Building a Team to Improve Local Vaccination Rates: Strategies to get your "Foot in the Door”
Featuring: Kimberly C. McKeirnan, PharmD, BCACP
Director of the Center for Pharmacy Practice Research, Washington State University College of Pharmacy and Pharmaceutical Sciences
Tags: Detailing Visits, Program Management, Vaccinations
As a pharmacist, I spend a lot of time teaching. I teach patients how to take their medications, how to choose over-the-counter products, and how to identify whether or not to treat minor ailments at home, in the pharmacy, or by seeking care from a physician. I also get to teach other health care providers when one of the medications they prescribe to a patient will interact with the patient’s other medications or cause side effects that will be problematic.
After teaching informally in the pharmacy since 2005 and more formally as a Clinical Assistant Professor for the College of Pharmacy and Pharmaceutical Sciences at Washington State University since 2013, my transition to become an academic detailer was natural.
In 2014 I teamed up with an interprofessional group of colleagues to apply for grant funding to improve the low pneumococcal immunization rates in our local rural areas. Our project proposed utilizing academic detailing to teach healthcare providers about pneumococcal immunizations and the importance of immunizing patients. The CDC Advisory Committee on Immunization Practices (ACIP) released a recommendation to vaccinate all patients 65 and older with the new PCV-13 pneumonia vaccine in combination with the longstanding PPSV23 vaccine as part of a two-dose series.
Having two pneumococcal vaccines with a complicated vaccination schedule has been challenging for providers. I often hear the questions from my colleagues: “Why are there two, do we really need two?”, “Which one do I give first?”, “When do I give the second one?”, and “What if I give them too close together, do they still work?” Additionally, during a needs assessment of our area we found that many rural pharmacies in our area do not vaccinate at all or only stock certain vaccines because they don’t want to cause competition with the local physicians.
We were successfully funded with an Independent Grant for Pfizer’s Learning and Change from Pfizer in 2015. During the first phase of the project, we attended the NaRCAD training program in 2015. The NaRCAD training provided a solid foundation for the framework of our project.
However, once we started talking to local providers about coming in to provide academic detailing, we ran into a major barrier. Getting our “foot in the door” with local providers was harder than we expected. It became clear that our team would need to expand to include more healthcare providers and that we would need to focus our efforts on convincing local medical clinics and pharmacies to invite us in to detail their teams.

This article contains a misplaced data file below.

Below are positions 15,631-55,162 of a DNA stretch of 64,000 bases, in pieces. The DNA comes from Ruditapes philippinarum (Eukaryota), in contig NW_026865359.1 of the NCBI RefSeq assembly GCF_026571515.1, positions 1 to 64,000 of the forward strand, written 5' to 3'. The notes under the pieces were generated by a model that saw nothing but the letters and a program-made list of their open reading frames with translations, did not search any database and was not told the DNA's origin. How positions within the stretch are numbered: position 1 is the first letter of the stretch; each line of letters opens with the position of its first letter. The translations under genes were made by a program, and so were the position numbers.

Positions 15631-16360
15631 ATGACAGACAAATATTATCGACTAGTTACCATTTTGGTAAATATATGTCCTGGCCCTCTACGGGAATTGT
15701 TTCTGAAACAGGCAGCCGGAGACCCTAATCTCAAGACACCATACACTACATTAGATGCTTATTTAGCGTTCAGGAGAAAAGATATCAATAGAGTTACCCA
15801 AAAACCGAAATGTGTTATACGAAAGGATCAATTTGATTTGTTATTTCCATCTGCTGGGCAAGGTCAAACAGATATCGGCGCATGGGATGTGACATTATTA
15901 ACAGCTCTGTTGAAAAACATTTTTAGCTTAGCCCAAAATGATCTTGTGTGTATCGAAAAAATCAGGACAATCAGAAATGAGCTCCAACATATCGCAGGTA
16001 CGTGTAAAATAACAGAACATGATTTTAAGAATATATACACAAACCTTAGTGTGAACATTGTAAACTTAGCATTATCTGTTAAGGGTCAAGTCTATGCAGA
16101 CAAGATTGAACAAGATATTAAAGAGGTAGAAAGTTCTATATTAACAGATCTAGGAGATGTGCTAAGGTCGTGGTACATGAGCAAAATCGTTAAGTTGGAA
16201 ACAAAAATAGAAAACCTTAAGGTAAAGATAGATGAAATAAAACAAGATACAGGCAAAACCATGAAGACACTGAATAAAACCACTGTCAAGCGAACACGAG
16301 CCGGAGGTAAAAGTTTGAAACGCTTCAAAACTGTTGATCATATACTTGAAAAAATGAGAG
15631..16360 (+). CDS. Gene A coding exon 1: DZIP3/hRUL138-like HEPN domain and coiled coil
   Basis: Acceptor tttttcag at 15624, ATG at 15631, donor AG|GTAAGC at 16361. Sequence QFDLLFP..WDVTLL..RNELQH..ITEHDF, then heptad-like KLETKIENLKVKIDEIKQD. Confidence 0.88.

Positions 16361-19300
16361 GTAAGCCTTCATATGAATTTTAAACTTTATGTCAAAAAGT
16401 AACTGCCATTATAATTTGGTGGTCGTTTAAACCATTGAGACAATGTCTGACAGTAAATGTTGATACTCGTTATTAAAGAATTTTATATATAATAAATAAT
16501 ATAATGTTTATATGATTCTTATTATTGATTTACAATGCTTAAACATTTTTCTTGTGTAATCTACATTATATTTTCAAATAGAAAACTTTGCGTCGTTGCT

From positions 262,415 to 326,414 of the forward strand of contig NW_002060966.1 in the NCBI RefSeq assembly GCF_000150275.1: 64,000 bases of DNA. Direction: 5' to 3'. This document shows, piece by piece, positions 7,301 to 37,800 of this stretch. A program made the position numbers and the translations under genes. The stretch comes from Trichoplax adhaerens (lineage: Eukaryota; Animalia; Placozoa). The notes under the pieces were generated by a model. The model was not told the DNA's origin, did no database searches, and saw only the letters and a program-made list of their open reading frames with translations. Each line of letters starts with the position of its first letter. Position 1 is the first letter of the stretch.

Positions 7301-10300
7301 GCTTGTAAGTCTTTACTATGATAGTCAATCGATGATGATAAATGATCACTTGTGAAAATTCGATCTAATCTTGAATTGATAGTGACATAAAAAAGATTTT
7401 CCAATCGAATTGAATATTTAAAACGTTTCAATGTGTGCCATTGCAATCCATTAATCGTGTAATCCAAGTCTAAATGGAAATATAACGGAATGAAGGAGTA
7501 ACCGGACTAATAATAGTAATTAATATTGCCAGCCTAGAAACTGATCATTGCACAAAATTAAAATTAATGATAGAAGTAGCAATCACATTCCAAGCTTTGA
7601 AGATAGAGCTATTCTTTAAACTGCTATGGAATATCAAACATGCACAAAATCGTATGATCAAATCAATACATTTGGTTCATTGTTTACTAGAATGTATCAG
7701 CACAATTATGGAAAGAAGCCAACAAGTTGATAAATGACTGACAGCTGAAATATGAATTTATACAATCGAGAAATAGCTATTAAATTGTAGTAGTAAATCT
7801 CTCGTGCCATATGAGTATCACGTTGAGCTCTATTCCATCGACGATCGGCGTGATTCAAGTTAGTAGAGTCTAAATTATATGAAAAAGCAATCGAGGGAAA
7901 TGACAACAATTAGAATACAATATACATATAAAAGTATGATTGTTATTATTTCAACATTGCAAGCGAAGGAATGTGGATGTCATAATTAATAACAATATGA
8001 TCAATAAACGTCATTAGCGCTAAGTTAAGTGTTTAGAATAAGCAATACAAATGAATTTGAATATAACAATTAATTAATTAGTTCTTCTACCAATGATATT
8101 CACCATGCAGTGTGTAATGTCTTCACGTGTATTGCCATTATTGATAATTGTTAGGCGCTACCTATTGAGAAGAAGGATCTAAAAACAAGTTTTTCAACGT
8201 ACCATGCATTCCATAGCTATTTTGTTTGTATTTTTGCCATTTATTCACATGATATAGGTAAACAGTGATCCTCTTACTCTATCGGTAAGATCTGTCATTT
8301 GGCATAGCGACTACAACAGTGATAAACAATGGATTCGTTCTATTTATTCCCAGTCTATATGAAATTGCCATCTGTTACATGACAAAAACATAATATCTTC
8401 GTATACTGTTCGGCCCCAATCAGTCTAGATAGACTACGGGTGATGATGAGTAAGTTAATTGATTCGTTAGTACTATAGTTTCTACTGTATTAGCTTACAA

We expanded our team to include two pharmacists, one nurse, two physicians, two student pharmacists, one student nurse, two medical students, and on biomedical data analysis student. Our team physicians were able to identify physician champions and convince local medical practitioners that our detailing would be helpful for the medical team. They conveyed the message that we weren’t trying to rearrange things – just offer support the clinics. Four pharmacies and two medical clinics invited us to provide detailing.
For the medical clinic visits, we were able to give 15-minute presentations during staff meetings at each location. Attendees included hospital administrators, practitioners, pharmacy staff, nurses, medical assistants, and front end office staff. We appreciated the opportunity to reach so many disciplines at once since immunizations can be recommended by several different health disciplines and at several points during an office visit or hospitalization.
Our detailing visits were so well received that we were asked to come back to one of the medical clinics to provide a more in-depth educational program to all of the nursing staff. The second clinic invited us back to meet with hospital leadership to discuss specific points where interventions could be implemented, such as using an EHR alert, putting up signs, or simply asking patients if they were interested in receiving an immunization.
We identified several clinical pearls for teams that are considering getting into academic detailing:
McKeirnan KC, Colorafi KJ, Panther SG, Potyk D, McCarthy J. Teaching the Healthcare Team about Pneumococcal Vaccination Practices for Older Adults through Academic Detailing. The Senior Care Pharmacist. Accepted March 2019, in press.
Kimberly C. McKeirnan, PharmD, BCACP
Director, Center for Pharmacy Practice Research, Washington State University College of Pharmacy and Pharmaceutical Sciences
Kimberly C. McKeirnan, PharmD, BCACP, is a Clinical Assistant Professor in the Department of Pharmacotherapy at the Washington State University College of Pharmacy and Pharmaceutical Sciences. Dr. McKeirnan graduated with her Doctor of Pharmacy degree from WSU in 2008 and joined the faculty at WSU in 2013 after five years in community pharmacy practice. She is the Director of the newly developed Center for Pharmacy Practice Research at WSU and enjoys teaching student pharmacists about patient care and research. Dr. McKeirnan is passionate about research involving community pharmacy, public health, and improving patient access to quality care services. Dr. McKeirnan has received grants for improving immunization rates in rural areas, developing a model for implementing chronic disease-state management services in rural community pharmacies, and developing a pharmacy technician immunization training program.
Highlighting Best Practices